The strike by trained nurses and other health workers not in regular government service but had bravely stepped forward to join other frontline fighters to combat the COVID pandemic when it hit the state must not be dismissed as untenable without a thought. They were indeed employed by the state government on mutually agreed upon contract terms and therefore cannot legally claim they cannot be removed from service even after the crisis has come under control. Hence, while we do wish the government were in a position to absorb them as regular employees, if this cannot be because of legal and financial constraints, the matter at one level would end there. But beyond the legal, the issue has many more grave concerns and should not be allowed to be folded up unceremoniously. The most prominent and unfortunate of these is an inherent injustice the nursing profession has been subject in the health services by and large, one which for far too long has been allowed to remain in a blind spot of the administration as well as society. This is despite the indisputable fact that the nursing profession is a vital pillar of the health services and without its professionals keeping the fort, the entire system would collapse. The very fact that at a time of grave emergency posed by COVID19 the government has had to think of recruiting more nurses on short contracts in order to face the crisis is evidence of this. This was when the pandemic left everybody either in a panic, erecting barricades around their localities and even wildly calling for the first COVID patient in the state, a girl returning from her place of study in London, to be abandoned and left to die in the selfish belief that this was in the interest of saving their own skins. There were also others calling for Manipuris stranded outside the state not to be allowed to return home regardless of the misery those stranded were facing at the time, again for fear that they would return with the virus. It should not be forgotten that it was amidst this paranoia and ugly selfishness that the nurses now on strike had courageously and generously stepped forward, braving social ostracism, to be in the frontline of the battle, giving everybody the relief that not everything is myopic and egocentric in this state.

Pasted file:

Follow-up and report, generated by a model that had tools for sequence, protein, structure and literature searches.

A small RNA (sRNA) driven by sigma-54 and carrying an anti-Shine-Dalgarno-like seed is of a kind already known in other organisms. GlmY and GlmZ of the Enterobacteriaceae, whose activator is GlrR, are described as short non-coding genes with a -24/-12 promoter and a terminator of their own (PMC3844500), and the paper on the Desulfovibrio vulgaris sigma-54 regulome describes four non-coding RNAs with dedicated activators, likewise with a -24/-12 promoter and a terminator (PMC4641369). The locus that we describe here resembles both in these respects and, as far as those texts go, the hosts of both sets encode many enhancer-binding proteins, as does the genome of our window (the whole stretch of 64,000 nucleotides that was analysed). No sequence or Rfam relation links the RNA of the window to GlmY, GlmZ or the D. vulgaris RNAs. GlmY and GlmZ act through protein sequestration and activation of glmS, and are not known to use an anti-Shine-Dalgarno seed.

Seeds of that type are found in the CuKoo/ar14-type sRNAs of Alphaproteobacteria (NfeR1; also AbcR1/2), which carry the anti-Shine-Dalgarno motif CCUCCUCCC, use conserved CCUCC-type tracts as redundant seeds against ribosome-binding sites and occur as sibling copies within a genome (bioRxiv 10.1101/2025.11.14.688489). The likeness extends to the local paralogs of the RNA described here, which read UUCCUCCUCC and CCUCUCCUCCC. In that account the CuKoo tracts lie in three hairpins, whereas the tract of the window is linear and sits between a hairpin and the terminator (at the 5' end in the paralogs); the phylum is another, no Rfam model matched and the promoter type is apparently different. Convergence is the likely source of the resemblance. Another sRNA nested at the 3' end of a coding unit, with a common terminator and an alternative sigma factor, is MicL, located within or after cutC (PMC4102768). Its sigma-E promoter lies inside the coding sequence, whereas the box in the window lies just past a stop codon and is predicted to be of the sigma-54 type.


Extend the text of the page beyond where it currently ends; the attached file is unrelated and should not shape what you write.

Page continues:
This then is the importance of the profession. This being so, those in this profession need to have the respect due to them, and the most fundamental of the dues denied so far is their service condition in today’s burgeoning and prospering private hospitals and clinics. Indeed, in Manipur’s context, of all the emerging private entrepreneurial initiatives, the health sector probably would rank as the foremost success stories, making many millionaires, and deservingly too. However, among those left excluded a share of this success story are those in the nursing service without whom these success story would have been no more than an empty shell. Almost as a rule, although there are exceptions, their salaries are a pittance, though in terms of workhours extracted, they would probably rank as some of the most exploited in the entire labour market, not just in Manipur, but in much of the rest of India. As a matter of fact, the Supreme Court has taken cognizance of this oppressive state of affairs in a 2011 case filed the Trained Nurses Association of India against the Union of India, and in a ruling the apex court directed the central governments for taking the necessary steps to ameliorate the situation. As per this direction, the central government constituted a committee to look into the matter. The committee after examining the situation in several states, came to the conclusion that nurses working in private hospitals and nursing homes were grossly underpaid and deprived of basic facilities. It also recommended a 3-point measure. First, it said private hospitals with 200 or more beds should pay salaries for nurses at a par with government hospitals. For private hospitals with 100 to 200 beds, it recommended that salary for nurses should be not less than 10 percent of what their counterparts get in the government hospitals, and those with 50 to 100 beds, not less than 25 percent. Even in hospitals with less than 50 beds, it said salaries for nurses cannot be less than Rs. 20,000 per month.